The pin index system means you can connect an oxygen cylinder to any manifold because it has a universal setting T/F

Oxygen cylinders may be coloured white or green or black with white shoulders T/F

A carbon dioxide cylinder contains a mixture of liquid and vapour T/F

A full oxygen cylinder contains gas at over 150 atmospheres of pressure T/F

A full  C size oxygen cylinder on the back of your machine contains about 760 litres of oxygen T/F

Medical Gas Cylinders

BT_SQ 1.10 Describe the supply of medical gases (bulk supply and cylinder) and features to ensure supply safety including pressure valves, regulators and connection systems


T / F   nitrous oxide cylinders have a blue body, and blue shoulders

T / F   a medical gas cylinder with a single pin index hole would contain carbon dioxide

T / F   a full C-size oxygen cylinder at 20 degrees C would contain 490 L of oxygen, at 400 kPa

T / F   an Entonox cylinder contains 50% liquid nitrous oxide and 50% gaseous oxygen

T / F   the fitting which couples to the cylinder neck is known as a Schrader valve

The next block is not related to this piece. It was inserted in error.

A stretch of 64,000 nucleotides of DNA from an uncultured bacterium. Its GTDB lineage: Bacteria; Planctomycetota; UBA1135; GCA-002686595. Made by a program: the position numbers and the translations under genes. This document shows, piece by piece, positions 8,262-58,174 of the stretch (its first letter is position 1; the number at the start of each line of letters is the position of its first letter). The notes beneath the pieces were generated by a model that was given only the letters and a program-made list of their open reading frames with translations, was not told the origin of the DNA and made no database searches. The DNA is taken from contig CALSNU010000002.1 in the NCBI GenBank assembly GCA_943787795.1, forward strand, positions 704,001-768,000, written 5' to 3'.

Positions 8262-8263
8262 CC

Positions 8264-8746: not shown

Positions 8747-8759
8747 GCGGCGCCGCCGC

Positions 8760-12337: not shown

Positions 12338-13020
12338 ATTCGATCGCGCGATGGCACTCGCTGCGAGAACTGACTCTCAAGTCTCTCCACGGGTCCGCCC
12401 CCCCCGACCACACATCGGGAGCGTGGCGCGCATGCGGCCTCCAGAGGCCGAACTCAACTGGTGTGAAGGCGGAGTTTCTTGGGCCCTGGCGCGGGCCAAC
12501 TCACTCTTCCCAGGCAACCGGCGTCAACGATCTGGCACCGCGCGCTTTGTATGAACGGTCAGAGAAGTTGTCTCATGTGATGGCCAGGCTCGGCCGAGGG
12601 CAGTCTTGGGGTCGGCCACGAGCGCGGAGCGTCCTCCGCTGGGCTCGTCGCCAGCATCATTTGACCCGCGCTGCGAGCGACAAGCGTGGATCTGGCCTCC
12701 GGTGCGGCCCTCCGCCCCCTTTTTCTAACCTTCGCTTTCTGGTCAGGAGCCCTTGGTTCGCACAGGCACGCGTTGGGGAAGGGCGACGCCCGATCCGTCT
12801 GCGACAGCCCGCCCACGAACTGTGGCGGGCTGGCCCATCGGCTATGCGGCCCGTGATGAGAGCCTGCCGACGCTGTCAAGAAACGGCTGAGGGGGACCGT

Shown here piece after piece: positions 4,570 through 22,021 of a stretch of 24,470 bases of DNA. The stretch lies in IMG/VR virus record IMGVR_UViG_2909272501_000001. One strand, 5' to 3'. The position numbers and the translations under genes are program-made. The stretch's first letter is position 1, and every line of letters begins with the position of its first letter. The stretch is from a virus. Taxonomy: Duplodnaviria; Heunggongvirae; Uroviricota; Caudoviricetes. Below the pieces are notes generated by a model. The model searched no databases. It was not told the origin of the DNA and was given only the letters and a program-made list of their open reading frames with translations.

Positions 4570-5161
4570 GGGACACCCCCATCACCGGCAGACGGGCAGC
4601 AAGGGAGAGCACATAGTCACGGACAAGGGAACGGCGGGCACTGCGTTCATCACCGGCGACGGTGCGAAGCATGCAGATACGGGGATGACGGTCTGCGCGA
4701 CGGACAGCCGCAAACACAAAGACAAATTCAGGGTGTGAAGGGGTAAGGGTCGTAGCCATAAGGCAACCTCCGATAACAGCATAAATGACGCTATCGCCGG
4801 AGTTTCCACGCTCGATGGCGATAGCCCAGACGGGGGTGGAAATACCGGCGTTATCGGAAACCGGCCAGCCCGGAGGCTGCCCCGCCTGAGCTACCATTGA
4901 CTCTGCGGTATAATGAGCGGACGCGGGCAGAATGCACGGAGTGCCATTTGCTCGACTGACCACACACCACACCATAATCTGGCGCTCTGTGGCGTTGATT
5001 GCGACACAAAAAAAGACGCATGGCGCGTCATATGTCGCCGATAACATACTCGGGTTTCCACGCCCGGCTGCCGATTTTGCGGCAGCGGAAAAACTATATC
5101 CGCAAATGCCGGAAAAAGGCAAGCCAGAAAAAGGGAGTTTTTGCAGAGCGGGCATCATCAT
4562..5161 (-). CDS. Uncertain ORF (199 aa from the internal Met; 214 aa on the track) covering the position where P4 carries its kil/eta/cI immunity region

Pressure Regulators

BT_SQ 1.10

O-Series regulator with attached pressure gauge. If you have a particular interest in this regulator, it is described in detail in Russell. You are probably more familiar with the small transport oxygen cylinders with the integrated pressure regulator, flowmeter and pressure gauge.

Integrated Regulator 2

T/F Pressure regulators should be regularly lubricated with a hydrocarbon based grease to prevent sticking.

T/F Pressure regulators for oxygen may be used with air but not nitrous oxide

T/F Adiabatic gas expansion can cause moisture to freeze and jam pressure regulators

T/F Rupture of a regulator diaphragm can cause loss of gas from the anaesthetic circuit to the pipeline.

T/F Pressure regulators convert a constant upstream pressure to a variable downstream pressure


BT_SQ 1.9

Dedicated scavenging pumps. The hospital vacuum is designed to suck up fluids, and usually vents in to the plant room of the hospital. The plant room staff will not thank you for connecting the scavenging to such a system. The anaesthetic gas scavenging system should be vented away from where people will inhale the gases.







T/F A risk of using a scavenging system is excessive positive pressure in the breathing circuit